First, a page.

Sclerotherapy has been around since the 1600s.

The first use of making the injectable solution into foam was described in 1939. The foam is more effective than plain liquid solution.

Foam is more effective because it can push the blood out of the way. Its strength is more than doubled by changing the liquid solution into a foam.

Sclerotherapy is still considered the gold standard for the treatment of smaller varicose veins and spider veins.

Both medications are FDA approved and are in common use. This history of sclerotherapy summarizes the most important medications that have been used in the past to inject varicose veins.

These medicines are classified as detergents. Detergents become foamy when they are agitated.

Most vein doctors prefer to use foam rather than solution for bigger varicose veins.

With ultrasound-guided sclerotherapy, the solution is easily changed into a foam that looks like shaving cream.

Foam helps push the blood out of the way. Foam works much better at displacing blood than just plain liquid solution for large veins.

Foam sclerotherapy is a viable, inexpensive and very useful treatment for many veins. The proper indications for its use and the technical expertise of the vein specialist are vital in the success of this form of treatment.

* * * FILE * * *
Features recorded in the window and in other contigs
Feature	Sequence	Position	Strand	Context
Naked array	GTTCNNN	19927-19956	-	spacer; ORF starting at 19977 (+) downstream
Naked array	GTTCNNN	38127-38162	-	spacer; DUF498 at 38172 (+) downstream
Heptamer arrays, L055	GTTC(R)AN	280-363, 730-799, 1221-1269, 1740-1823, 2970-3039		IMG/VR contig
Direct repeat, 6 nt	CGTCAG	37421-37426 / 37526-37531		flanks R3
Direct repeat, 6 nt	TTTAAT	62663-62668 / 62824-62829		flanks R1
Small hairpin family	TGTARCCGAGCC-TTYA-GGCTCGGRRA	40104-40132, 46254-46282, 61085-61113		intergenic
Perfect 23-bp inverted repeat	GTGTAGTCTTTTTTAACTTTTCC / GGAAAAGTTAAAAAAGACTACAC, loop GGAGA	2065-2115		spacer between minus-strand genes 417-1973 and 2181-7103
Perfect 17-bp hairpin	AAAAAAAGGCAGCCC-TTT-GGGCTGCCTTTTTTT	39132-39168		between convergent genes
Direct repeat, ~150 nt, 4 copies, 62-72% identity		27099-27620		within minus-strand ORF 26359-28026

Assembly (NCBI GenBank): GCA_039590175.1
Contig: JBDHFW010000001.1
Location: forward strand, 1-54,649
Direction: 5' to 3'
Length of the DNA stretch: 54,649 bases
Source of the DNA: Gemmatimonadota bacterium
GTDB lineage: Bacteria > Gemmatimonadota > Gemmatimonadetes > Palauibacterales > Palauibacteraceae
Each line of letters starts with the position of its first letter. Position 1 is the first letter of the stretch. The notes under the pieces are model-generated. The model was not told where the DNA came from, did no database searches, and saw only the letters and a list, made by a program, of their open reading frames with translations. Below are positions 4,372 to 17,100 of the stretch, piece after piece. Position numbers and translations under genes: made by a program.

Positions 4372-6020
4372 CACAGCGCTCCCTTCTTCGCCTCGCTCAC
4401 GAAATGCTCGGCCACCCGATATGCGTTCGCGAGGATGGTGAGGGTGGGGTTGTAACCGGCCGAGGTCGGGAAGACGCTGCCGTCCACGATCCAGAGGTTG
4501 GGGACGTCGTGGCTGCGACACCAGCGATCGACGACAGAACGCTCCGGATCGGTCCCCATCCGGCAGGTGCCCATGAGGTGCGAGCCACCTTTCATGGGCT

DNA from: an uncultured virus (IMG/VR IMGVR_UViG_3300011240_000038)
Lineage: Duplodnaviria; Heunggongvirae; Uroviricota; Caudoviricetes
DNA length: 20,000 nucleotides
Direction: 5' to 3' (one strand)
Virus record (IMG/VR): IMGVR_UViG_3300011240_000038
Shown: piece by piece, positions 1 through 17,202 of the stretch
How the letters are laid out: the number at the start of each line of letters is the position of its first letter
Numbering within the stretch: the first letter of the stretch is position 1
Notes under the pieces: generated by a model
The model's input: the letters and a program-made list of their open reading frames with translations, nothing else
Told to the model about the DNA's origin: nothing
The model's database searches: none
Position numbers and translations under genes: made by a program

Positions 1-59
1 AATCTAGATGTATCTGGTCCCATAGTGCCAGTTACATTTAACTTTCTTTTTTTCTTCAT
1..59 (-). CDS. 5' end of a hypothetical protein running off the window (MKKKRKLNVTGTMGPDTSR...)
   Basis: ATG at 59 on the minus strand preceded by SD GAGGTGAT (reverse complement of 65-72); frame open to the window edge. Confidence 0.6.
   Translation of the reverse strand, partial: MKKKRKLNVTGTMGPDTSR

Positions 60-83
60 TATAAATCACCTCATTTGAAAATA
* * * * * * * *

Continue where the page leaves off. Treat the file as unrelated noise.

These medicines destroy the lining of the blood vessel. That causes the targeted vein to eventually shrink and be absorbed by your body.

Ask the Expert: How Do I Treat Varicose Veins by John Happel MD

Depending on the patient’s venous pathology, I commonly use – laser, radiofrequency, phlebectomy, or sclerotherapy to treat varicose veins. Often people will need a combination of these treatments.

With sclerotherapy, medication is injected through a very fine needle into the vein. I find ultrasound guided sclerotherapy for varicose veins very useful for all of the reasons that I have discussed.

Some people feel some minor discomfort that lasts less than a minute when larger veins are injected. The procedure takes about thirty minutes or less.

The number of injections per session depends on the size and the location of the veins. There is a maximum volume of medicine that can be safely injected at any one visit.